For species with five or more sightings, quantitative techniques exist to test whether a species is extinct on the basis of distribution of sightings. However, 70% of purportedly extinct mammals are known from fewer than five sightings, and such models do not include some important indicators of the likelihood of extinction such as threats, biological traits, search effort, and demography. Previously, we developed a quantitative method that we based on species' traits in which we used Cox proportional hazards regression to calculate the probability of rediscovery of species regarded as extinct. Here, we used two versions of the Cox regression model to determine the probability of extinction in purportedly extinct mammals and compared the results of these two models with those of stationary Poisson, nonparametric, and Weibull sighting-distribution models. For mammals with five or more sightings, the stationary Poisson model categorized all but two critically endangered (flagged as possibly extinct) species in our data set as extinct, and results with this model were consistent with current categories of the International Union for the Conservation of Nature. The scores of probability of rediscovery for individual species in one version of our Cox regression model were correlated with scores assigned by the stationary Poisson model. Thus, we used this Cox regression model to determine the probability of extinction of mammals with sparse records. On the basis of the Cox regression model, the most likely mammals to be rediscovered were the Montane monkey-faced bat (Pteralopex pulchra), Armenian myotis (Myotis hajastanicus), Alcorn's pocket gopher (Pappogeomys alcorni), and Wimmer's shrew (Crocidura wimmeri). The Cox model categorized two species that have recently disappeared as extinct: the baiji (Lipotes vexillifer) and the Christmas Island pipistrelle (Pipistrellus murrayi). Our new method can be used to test whether species with few records or recent last-sighting dates are likely to be extinct.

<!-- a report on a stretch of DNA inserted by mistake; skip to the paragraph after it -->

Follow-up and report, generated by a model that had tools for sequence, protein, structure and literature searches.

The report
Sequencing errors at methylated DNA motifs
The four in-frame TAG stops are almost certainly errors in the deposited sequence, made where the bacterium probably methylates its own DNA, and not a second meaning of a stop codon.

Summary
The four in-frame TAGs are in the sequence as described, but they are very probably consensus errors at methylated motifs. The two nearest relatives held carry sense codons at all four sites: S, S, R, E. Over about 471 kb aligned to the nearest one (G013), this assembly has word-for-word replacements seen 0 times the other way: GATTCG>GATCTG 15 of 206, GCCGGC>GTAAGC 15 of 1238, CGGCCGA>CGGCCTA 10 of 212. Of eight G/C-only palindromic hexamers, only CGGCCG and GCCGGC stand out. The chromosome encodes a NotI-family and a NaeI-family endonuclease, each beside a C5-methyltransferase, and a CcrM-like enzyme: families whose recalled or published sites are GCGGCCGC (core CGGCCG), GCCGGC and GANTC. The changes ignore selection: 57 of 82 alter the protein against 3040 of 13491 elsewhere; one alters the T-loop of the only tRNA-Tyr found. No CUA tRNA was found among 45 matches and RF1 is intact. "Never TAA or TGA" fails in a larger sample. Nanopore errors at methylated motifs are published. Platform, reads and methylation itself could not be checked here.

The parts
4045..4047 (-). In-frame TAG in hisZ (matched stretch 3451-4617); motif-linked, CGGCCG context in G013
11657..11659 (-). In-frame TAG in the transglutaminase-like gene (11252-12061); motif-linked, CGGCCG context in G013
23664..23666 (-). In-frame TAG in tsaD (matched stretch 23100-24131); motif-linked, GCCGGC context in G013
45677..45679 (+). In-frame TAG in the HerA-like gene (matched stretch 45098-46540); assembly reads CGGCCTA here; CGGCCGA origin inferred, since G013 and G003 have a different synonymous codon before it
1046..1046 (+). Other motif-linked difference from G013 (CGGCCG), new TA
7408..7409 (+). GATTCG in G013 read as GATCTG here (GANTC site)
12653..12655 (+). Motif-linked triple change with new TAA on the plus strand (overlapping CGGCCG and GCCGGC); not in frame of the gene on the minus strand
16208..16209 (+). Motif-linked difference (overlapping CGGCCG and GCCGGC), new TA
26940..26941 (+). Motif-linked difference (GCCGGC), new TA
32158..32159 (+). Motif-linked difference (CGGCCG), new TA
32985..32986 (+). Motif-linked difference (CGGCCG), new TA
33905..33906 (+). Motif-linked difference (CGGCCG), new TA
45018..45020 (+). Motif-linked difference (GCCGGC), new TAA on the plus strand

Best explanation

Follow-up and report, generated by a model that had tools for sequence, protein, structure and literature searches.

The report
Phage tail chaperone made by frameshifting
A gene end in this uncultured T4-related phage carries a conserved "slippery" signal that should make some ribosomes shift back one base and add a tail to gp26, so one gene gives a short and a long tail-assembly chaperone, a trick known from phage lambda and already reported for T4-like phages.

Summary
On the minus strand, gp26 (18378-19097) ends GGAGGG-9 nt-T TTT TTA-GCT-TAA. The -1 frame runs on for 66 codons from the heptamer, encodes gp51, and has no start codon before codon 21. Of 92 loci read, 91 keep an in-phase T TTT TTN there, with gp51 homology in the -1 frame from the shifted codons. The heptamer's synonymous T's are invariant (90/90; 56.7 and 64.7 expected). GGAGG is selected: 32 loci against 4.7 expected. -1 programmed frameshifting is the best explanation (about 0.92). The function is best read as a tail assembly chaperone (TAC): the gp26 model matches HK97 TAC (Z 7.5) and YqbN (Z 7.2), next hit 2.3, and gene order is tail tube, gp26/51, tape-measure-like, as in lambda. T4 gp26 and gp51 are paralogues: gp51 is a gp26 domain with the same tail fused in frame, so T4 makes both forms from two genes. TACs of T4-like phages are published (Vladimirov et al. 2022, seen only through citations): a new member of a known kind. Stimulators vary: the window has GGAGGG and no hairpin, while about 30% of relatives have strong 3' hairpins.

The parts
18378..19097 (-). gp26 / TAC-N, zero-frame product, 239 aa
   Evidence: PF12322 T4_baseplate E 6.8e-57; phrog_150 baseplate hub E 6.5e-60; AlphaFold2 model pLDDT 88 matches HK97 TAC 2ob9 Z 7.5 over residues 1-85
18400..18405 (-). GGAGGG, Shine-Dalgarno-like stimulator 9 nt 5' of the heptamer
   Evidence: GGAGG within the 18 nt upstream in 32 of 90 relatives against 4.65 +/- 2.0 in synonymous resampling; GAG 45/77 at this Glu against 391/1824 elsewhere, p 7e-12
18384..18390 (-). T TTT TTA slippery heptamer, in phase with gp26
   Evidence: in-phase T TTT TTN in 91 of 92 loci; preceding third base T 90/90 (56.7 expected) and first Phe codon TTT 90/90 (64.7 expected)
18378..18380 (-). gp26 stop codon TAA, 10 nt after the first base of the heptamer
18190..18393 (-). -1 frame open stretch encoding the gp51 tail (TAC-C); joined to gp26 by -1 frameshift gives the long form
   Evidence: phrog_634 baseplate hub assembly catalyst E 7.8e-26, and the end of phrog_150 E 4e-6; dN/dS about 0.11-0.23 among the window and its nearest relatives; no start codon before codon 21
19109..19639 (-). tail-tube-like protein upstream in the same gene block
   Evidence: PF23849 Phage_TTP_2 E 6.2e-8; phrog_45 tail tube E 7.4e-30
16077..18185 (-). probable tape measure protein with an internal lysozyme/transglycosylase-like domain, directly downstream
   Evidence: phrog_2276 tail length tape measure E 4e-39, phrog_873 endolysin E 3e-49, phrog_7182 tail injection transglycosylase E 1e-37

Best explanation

©2011 Society for Conservation Biology.